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Tornadoes

  • By: David Alexander
  • In: Encyclopedia of Disaster Relief
  • Edited by: K. Bradley Penuel & Matt Statler
  • Subject:Public Health (general), Public Policy (general)

A tornado is a violently rotating column of air pendant from a cumulonimbus (rain-producing) cloud. Tornadoes form as a result of instability in a stratified atmosphere and, when the instability is great, they can be highly destructive.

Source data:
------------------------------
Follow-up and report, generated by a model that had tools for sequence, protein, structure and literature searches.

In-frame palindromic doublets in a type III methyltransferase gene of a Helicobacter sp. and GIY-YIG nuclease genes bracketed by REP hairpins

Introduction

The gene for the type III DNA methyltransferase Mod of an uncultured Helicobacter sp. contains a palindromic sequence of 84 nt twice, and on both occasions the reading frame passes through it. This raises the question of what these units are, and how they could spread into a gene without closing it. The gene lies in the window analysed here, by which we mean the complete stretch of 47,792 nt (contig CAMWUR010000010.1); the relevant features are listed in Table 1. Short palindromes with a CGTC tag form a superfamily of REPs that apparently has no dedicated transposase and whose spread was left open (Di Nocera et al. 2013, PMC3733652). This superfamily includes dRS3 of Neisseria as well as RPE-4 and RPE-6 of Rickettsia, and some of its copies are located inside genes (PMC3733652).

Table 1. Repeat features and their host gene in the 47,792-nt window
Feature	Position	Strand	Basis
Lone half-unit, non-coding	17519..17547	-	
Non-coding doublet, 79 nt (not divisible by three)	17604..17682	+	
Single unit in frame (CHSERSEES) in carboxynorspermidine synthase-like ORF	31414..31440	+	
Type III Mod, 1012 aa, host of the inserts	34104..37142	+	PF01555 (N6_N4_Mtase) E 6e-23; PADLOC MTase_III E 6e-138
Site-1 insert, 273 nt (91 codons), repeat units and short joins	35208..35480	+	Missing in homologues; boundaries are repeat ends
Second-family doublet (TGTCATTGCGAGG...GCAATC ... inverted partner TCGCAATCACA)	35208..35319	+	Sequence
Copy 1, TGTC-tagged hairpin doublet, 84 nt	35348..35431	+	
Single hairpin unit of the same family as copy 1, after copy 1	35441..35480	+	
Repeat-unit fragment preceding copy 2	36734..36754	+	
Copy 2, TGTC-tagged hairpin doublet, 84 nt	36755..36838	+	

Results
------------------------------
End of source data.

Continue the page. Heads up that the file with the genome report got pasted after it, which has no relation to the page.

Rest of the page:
As a result of particular climatic conditions, the greatest impacts occur in North America, but other regions of the world also have a significant tornado risk, including Great Britain, Italy, Australia, and Bangladesh. Tornadoes are mostly spawned by concentrated convective storms (microcyclones), but they can also form in significant numbers on the periphery of hurricanes. Tornadoes over the ocean are termed waterspouts. Gentler, more localized rotating atmospheric disturbances in the desert are known as dust devils. A gustnado (gust-front tornado) is the name given to an incidence of cyclonic ...

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